Third-party ownership called 'a type of slavery' by Michel Platini

Michel Platini
Platini revealed last year he would not challenge for the leadership of world governing body Fifa

Third-party ownership of footballers is a form of "slavery", according to Uefa president Michel Platini.

Last year, Fifa agreed to ban the practice, in which investment companies take a stake in the economic rights of players, and will discuss a draft proposal to implement this in May.

Officials from some leagues, including Spain and Portugal, oppose a ban.

But Platini said: "I think we are dealing with a type of slavery that belongs in the past."

Responding to a question from Paris St-Germain head coach Laurent Blanc, as part of an online interview with football figures and fans, Platini added: "I have put a lot of pressure on Fifa to stop third-party ownership of players.

"Today it is shameful to see some players with one of their arms belonging to one person, a leg belonging to a pension fund located who knows where and a third person owning his foot.

"So it's about time the world of football wakes up and that the money coming into football remains in football and doesn't disappear right or left or I don't know where."

Third-party ownership was banned by the Premier League in England at the start of the 2008-09 season, following the discovery that the economic rights of Argentine players Carlos Tevez and Javier Mascherano were owned by two offshore companies when they joined West Ham in 2006.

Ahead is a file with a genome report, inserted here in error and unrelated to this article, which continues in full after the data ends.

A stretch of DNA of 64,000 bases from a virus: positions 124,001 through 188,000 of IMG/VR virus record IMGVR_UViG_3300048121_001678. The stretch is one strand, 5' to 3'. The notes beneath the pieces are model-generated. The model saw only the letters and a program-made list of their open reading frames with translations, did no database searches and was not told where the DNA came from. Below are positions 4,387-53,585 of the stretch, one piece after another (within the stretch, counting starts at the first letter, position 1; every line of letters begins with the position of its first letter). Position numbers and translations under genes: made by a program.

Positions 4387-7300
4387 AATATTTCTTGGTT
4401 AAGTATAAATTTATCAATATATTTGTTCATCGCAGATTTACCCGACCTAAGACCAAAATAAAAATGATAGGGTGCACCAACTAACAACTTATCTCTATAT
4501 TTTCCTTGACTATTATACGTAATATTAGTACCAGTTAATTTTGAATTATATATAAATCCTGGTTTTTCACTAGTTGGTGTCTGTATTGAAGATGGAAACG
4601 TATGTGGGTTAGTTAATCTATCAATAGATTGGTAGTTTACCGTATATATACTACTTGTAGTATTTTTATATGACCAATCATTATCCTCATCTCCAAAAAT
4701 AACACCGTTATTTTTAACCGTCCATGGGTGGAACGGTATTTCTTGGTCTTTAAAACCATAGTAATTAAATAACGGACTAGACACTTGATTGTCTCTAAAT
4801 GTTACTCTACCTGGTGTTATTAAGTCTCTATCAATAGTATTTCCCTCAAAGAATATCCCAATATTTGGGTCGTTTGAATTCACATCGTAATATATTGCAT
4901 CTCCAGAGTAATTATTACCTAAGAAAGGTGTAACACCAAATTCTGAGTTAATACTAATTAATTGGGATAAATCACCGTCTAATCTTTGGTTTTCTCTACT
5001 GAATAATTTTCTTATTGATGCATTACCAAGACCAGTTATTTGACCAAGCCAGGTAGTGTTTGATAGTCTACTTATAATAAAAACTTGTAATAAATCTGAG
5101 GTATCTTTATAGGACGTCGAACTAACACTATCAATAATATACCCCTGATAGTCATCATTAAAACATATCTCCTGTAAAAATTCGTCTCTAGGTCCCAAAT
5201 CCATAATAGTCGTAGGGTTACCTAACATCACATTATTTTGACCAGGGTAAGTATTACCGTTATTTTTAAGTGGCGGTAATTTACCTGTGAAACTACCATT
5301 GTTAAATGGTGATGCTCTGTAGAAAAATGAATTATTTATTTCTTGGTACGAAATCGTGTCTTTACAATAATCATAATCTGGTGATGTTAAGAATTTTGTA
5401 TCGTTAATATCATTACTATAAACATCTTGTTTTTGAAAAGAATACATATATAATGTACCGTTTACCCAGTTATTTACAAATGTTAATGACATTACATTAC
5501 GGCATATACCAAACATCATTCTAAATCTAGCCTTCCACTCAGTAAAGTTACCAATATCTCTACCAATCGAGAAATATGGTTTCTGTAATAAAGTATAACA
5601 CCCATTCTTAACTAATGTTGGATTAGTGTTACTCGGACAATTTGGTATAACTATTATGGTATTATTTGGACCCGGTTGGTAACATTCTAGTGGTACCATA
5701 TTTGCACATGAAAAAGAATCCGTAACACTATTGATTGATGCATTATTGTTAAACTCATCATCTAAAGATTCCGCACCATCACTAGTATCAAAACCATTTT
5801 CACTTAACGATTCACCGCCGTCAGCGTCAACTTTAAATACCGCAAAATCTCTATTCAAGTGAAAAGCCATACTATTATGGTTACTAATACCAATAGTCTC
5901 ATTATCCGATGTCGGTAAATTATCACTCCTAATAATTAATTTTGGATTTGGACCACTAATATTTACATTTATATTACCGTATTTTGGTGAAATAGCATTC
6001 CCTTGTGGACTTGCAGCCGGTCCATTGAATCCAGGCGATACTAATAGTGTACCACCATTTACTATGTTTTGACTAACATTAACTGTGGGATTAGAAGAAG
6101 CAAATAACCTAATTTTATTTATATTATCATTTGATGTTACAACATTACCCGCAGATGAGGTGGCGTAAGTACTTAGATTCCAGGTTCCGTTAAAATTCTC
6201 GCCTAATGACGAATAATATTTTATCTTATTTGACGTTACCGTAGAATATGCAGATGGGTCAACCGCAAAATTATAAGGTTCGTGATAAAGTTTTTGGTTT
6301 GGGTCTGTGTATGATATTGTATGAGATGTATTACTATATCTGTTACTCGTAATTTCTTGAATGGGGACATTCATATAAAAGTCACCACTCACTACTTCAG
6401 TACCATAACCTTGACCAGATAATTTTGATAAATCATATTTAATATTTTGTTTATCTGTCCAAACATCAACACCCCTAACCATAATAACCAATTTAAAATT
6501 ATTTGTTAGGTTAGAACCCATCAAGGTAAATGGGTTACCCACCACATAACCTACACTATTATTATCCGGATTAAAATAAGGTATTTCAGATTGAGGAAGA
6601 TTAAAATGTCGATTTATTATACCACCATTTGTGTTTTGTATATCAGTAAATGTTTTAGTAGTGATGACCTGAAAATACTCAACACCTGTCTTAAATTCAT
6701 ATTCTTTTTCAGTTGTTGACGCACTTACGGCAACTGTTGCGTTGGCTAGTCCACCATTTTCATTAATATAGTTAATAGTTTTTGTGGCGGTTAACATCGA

Premier League and Football League rules now require clubs to buy out any third parties that claim to own the economic rights in a player before their transfers are permitted in the top flight.

However, the practice remains prevalent in South America and parts of Europe, where clubs routinely share the ownership of a player with other companies.

Third-party ownership (TPO) - what will happen under proposed ban?
Existing TPO player contracts can continue until they expire but they cannot be extended.
New TPO deals can be entered into until the end of April. However, they can only be for up to one year.
Fifa has recognised that converting TPO contracts will be an enormously costly process for many clubs, so the detail on how they will implement the ban has been looked at by a working group.
It is due to present its draft proposals on the issue in May. Final decisions could then be taken at Fifa's annual congress that same month.
TPO will remain a factor within the game for some years while existing contracts run down or the economic rights are wholly bought up by clubs.
Fifa has, however, signalled its determination to eliminate it from the game in the longer term.

Top Stories